Background (CI 13)

Eutrophication is a process driven by enrichment of water by nutrients, especially compounds of nitrogen and/or phosphorus, leading to: increased growth, primary production and biomass of algae; changes in the balance of nutrients causing changes to the balance of organisms; and water quality degradation (IMAP, 2017). Seawaters depending on nutrient loading and phytoplankton growth are classified according to their level of eutrophication. Low nutrient/ phytoplankton levels characterize oligotrophic areas, water enriched in nutrients is characterized as mesotrophic, whereas water rich in nutrients and algal biomass is characterized as eutrophic. The Mediterranean is one of the most oligotrophic seas in the world and most of its biological productivity takes place in the euphotic zone (UNEP, 1989, UNEP/MAP, 2012). The development of nutrient/phytoplankton concentration scales has been a difficult task for marine scientists because of the seasonal fluctuations of nutrient and phytoplankton concentrations, phytoplankton patchiness and small-scale eutrophication phenomena. Although long-term scientific research (UNEP/FAO/WHO1996; Krom et al., 2010) has shown that the main body of the Mediterranean Sea is in good condition, there are coastal areas, especially in enclosed gulfs near big cities in estuarine areas and near ports, where marine eutrophication is a serious threat. In the Mediterranean Sea, the Barcelona Convention adopted in 1976 was the first legally-binding instrument for its environmental protection and included a number of protocols, such as the pollution land-based sources (LBS) Protocol. Since 2000, other international and national policies, such as the European Water Framework Directive (WFD) and the European Marine Strategy Framework (MSFD) are developing programmes, which sums to its environmental protection at sub regional levels and collaborate with UNEP/MAP. At the 19th Ordinary Meeting in 2016 of the Contracting Parties to the Barcelona Convention (Convention for the Protection of the Marine Environment and the Coastal Region of the Mediterranean and its Protocols) adopted the Integrated Monitoring and Assessment Programme (IMAP) of the Mediterranean Coast and Sea and Related Assessment Criteria, which includes the targets to achieve the Good Environmental Status (UNEP/MAP, 2016). The initial targets of Good Environmental Status (GES) for IMAP Common Indicator 13 are reflecting the scope of the current MED POL Programme and the availability of suitable agreed assessment criteria.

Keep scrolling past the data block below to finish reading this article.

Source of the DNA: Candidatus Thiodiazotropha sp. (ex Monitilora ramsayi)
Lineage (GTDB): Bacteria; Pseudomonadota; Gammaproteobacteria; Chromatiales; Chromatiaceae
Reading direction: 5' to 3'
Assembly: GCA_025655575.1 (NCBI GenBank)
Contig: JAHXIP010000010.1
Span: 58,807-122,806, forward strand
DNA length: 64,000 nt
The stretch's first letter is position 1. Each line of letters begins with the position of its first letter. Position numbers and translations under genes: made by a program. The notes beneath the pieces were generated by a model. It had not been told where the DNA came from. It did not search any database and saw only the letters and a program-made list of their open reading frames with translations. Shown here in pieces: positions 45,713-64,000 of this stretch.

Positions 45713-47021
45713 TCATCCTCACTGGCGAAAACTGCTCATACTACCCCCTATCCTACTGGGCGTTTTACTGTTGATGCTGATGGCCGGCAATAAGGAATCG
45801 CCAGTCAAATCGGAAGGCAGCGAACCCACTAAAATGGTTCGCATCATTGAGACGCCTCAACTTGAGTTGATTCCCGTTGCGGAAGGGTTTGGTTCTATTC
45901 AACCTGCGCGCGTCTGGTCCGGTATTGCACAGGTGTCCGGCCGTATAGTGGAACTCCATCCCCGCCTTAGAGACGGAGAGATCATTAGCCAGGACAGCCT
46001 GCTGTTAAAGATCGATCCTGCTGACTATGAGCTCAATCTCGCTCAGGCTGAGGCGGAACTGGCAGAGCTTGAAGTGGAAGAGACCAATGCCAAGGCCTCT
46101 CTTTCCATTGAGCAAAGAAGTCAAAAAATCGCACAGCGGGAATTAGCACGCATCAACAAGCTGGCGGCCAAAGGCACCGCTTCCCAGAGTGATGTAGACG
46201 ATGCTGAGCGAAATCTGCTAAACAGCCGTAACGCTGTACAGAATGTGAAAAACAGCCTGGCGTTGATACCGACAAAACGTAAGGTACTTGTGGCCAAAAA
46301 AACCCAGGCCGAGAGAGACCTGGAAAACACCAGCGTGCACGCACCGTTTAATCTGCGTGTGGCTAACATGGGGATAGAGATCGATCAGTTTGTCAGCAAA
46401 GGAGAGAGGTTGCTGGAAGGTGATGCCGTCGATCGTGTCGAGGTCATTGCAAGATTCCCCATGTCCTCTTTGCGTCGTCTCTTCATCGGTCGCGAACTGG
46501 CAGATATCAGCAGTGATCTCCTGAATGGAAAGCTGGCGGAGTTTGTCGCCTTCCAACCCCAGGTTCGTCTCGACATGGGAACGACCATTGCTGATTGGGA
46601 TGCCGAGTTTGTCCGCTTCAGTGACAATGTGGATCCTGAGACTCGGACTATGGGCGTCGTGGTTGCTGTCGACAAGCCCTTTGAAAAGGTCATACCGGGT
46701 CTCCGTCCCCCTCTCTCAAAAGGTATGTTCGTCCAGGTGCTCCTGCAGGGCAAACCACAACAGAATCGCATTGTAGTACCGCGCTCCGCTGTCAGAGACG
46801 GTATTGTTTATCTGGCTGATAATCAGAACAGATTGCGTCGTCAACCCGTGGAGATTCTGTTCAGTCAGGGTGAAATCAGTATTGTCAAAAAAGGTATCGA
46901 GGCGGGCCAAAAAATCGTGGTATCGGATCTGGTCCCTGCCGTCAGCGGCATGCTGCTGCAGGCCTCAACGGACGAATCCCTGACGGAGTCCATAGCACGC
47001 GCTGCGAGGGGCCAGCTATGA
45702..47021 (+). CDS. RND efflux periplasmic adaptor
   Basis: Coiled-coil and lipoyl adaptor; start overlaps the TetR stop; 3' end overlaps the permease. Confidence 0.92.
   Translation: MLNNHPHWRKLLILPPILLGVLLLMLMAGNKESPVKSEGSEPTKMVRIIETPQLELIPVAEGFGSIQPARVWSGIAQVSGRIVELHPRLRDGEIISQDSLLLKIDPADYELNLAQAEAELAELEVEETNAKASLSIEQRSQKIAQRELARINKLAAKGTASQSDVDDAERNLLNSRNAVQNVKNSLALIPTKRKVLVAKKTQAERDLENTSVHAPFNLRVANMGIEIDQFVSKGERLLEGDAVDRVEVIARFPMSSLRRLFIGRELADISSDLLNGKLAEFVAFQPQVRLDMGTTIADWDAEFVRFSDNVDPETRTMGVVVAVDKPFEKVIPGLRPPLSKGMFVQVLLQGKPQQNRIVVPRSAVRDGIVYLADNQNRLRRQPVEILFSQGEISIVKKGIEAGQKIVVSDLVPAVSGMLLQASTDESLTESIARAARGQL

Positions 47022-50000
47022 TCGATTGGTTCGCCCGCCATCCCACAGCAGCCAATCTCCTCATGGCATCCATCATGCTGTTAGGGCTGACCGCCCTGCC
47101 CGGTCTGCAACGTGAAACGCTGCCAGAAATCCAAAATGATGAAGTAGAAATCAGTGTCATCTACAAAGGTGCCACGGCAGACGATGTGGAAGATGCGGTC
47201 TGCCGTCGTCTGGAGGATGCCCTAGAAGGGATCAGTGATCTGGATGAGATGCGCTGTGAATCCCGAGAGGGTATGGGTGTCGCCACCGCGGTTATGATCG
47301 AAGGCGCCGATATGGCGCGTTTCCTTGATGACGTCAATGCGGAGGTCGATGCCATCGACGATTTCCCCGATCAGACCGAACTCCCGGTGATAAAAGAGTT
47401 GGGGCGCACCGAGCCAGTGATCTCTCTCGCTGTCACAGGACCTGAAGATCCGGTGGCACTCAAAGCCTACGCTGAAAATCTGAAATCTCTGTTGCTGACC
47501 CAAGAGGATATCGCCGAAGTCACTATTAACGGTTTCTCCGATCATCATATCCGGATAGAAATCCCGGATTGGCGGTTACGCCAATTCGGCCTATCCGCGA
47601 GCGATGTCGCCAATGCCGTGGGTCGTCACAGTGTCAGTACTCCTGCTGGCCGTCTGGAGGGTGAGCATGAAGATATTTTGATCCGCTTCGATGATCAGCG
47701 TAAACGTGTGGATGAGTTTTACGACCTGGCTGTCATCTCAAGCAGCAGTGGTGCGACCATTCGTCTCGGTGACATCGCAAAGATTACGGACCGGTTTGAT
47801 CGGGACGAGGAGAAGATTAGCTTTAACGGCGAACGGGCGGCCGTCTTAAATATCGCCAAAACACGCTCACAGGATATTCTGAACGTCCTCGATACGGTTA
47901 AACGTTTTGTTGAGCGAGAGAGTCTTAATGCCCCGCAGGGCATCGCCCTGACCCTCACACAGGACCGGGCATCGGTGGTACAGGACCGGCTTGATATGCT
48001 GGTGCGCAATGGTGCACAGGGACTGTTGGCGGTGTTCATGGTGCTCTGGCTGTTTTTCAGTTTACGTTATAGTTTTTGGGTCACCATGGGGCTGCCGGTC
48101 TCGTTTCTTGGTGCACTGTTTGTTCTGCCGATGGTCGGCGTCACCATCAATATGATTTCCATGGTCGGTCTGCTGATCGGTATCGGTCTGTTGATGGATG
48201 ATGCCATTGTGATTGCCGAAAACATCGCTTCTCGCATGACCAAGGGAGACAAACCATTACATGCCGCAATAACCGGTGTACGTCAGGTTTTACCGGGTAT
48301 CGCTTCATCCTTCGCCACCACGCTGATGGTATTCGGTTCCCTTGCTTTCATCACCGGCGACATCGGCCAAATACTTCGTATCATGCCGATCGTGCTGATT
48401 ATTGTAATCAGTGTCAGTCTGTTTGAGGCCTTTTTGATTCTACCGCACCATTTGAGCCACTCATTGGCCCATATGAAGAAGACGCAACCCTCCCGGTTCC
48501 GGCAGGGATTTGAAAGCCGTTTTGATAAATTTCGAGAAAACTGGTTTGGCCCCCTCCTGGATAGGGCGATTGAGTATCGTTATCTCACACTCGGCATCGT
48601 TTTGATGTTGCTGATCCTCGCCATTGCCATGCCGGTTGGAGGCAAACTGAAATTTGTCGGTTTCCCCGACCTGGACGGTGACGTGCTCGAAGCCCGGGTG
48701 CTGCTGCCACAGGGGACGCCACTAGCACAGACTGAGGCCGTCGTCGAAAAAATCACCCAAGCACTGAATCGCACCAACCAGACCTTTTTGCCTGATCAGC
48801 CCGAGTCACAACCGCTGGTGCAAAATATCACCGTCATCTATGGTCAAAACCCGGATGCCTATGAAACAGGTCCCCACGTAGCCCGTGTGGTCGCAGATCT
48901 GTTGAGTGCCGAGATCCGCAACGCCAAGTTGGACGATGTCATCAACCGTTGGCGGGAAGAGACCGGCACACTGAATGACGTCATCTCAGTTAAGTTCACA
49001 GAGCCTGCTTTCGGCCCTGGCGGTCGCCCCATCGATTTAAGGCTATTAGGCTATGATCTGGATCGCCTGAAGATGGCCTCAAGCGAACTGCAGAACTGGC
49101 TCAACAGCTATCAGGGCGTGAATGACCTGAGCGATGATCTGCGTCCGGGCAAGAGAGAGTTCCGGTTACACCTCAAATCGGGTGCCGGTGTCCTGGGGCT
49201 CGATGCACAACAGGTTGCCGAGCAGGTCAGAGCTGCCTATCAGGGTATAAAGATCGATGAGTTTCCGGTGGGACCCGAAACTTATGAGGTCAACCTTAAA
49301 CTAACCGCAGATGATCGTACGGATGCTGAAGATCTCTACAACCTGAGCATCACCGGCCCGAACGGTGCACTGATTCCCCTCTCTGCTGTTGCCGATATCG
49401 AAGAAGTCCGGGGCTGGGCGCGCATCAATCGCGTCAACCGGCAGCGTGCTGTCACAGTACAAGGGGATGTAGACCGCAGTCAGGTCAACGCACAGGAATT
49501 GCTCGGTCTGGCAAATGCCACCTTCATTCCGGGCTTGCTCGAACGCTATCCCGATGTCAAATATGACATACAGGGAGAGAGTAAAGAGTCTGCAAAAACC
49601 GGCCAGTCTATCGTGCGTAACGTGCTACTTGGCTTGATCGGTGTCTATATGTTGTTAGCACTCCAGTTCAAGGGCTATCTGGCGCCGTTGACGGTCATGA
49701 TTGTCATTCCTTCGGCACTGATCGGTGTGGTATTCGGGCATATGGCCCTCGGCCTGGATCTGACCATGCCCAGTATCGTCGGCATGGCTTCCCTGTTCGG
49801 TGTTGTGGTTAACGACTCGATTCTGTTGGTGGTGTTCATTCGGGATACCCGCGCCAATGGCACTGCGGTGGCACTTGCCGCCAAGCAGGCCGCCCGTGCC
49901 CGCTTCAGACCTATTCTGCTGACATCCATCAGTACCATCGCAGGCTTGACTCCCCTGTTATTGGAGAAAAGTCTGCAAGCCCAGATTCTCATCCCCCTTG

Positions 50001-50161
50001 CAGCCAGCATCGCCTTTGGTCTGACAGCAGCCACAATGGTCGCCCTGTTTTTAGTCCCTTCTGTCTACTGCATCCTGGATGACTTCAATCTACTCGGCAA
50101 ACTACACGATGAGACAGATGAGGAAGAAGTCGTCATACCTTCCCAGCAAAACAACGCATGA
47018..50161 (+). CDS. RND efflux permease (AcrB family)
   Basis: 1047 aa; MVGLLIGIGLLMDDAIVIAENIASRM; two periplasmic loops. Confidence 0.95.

In the Mediterranean area eutrophication is caused by both regional sources such as urban effluents, industrial discharges, and aquaculture activities as well as transboundary components such as agricultural runoffs, riverine outflows, and airborne nutrient deposition. The variables related to eutrophication are influenced by water circulation, but it is only recently that the general circulation pattern has been connected to regional sources of pollution including eutrophication (UNEP/MAP, 2003).

The highly populated coastal zone in the Mediterranean and the riverine input from a draining area of 1.5 106 km2 (Ludwig et al., 2009) induce eutrophic trends in coastal areas. The offshore waters of the Mediterranean have been characterized as extremely oligotrophic with a clear gradient toward east (Turley, 1999). The gradient is illustrated on figure 1 from data collected during the Meteor M84/3 cruise (Tanhua et al. 2013).

Figure 1. Distribution of nitrate (NO3) and phosphate (PO4) concentrations along a profile from off the coast of Lebanon to the Strait of Gibraltar during spring 2011. Data were collected during the Meteor 84/3 cruise. Reproduced from: Tanhua et al., 2013.
Figure 1. Distribution of nitrate (NO3) and phosphate (PO4) concentrations along a profile from off the coast of Lebanon to the Strait of Gibraltar during spring 2011. Data were collected during the Meteor 84/3 cruise. Reproduced from: Tanhua et al., 2013.